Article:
Although the UK does not permit pilots without a commercial license to charge for flights, there are ways in which sharing the cost of a flight in non-complex aircrafts is allowed: known, unsurprisingly, as ‘cost-sharing flights’.
Yet there are strict preconditions attached to ‘cost-sharing flights’. Pilots are only allowed to charge ‘direct costs’ associated with the trip, for instance, fuel, landing fees and any rental or hire fees. ‘Annual costs’ on the other hand, like maintenance and operating costs (excluding any element of profit) over the course of a year cannot comprise the costs passed onto passengers in cost-sharing flights. The guidelines apply to helicopters fitting six persons or less, including the pilot, and stipulate that any direct costs must also be shared by the pilot, a pilot cannot share out costs without incurring some themselves.
Equally, pilots should endeavour to inform passengers about potential risks and safety levels in non-commercial general aviation. Often the CAA’s UK Aviation Safety Review(CAP1595) comparisons between safety levels in general aviation flights with light aircrafts and commercial flights can prove useful in doing so.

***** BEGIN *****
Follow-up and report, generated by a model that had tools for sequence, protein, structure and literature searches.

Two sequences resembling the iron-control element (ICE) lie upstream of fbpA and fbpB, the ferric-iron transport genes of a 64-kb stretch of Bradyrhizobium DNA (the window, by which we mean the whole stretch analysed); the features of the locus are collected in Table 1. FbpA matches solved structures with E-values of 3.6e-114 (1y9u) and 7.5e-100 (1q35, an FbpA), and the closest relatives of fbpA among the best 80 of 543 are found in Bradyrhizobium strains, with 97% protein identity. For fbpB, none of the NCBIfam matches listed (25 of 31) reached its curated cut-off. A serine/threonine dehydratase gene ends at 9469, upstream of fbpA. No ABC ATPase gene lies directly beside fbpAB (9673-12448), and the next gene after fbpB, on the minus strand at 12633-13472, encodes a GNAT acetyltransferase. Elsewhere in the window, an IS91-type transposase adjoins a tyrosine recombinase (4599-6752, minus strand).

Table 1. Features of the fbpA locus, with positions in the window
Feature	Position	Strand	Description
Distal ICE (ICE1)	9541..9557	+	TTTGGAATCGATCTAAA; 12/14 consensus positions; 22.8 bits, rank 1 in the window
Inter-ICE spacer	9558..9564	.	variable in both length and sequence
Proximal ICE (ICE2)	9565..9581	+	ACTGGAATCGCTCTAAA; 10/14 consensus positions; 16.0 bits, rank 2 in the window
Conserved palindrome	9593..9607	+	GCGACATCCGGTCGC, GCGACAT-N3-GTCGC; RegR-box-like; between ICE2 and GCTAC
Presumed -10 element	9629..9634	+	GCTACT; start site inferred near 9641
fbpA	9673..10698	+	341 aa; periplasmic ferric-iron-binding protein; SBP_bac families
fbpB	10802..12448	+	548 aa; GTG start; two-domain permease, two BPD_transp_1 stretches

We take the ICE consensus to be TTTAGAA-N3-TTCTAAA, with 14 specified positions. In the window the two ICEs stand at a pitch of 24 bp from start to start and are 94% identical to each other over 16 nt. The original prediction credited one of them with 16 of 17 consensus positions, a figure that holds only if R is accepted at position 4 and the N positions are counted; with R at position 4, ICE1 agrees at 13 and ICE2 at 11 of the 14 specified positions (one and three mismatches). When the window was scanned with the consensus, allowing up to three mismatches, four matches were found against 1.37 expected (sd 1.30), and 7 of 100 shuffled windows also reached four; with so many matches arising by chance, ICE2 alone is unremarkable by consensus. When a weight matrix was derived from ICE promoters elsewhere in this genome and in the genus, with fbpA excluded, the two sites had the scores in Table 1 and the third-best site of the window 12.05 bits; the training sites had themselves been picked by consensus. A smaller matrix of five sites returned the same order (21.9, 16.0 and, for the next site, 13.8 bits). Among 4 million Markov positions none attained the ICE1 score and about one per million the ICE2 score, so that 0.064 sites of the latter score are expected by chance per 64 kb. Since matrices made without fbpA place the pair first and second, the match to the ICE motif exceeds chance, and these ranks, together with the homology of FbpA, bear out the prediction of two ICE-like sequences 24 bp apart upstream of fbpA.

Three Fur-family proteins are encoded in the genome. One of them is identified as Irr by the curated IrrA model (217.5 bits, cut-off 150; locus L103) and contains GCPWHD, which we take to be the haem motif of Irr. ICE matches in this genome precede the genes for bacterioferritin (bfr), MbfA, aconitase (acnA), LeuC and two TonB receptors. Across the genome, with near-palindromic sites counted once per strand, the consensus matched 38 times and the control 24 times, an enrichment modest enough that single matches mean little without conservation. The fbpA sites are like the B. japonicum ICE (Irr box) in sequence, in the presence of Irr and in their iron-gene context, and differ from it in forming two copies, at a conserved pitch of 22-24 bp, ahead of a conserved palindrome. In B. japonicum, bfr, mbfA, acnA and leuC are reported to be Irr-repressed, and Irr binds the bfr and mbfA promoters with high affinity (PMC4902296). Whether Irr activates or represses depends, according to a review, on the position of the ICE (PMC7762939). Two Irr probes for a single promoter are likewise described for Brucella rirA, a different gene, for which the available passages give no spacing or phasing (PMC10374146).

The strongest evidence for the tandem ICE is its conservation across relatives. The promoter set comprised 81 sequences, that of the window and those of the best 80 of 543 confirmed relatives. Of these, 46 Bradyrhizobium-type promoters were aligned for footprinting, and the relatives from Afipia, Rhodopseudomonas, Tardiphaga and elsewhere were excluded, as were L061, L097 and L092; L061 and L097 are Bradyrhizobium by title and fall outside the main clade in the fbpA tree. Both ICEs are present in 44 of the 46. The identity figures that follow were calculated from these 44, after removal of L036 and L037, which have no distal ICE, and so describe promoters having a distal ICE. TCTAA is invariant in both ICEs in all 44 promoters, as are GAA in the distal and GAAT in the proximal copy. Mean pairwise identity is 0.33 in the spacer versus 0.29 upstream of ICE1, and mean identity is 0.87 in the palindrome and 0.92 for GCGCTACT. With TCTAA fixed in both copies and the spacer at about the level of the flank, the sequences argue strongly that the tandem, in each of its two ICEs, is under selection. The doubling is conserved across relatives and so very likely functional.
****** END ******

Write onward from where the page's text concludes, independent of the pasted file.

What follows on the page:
Similarly, pilots are encouraged to remember that cost-sharing with strangers brings with it new insurance implications and issues regarding personal safety. They should take care to consider these. If any concerns do come up, the CAA provides a webpage in which you can report these.
Pilots can, however, promote flights or make use of online ‘flight-sharing’ platforms (like Wingly) to find passengers. Although passengers, and pilots, are free to cancel such trips without the obligation of paying a fee and are never under any obligation to take the flight.
Some careful compliance then is needed to ensure a given flight complies with regulations and is therefore legal. Further information on the subject, including possible exemptions, is available here.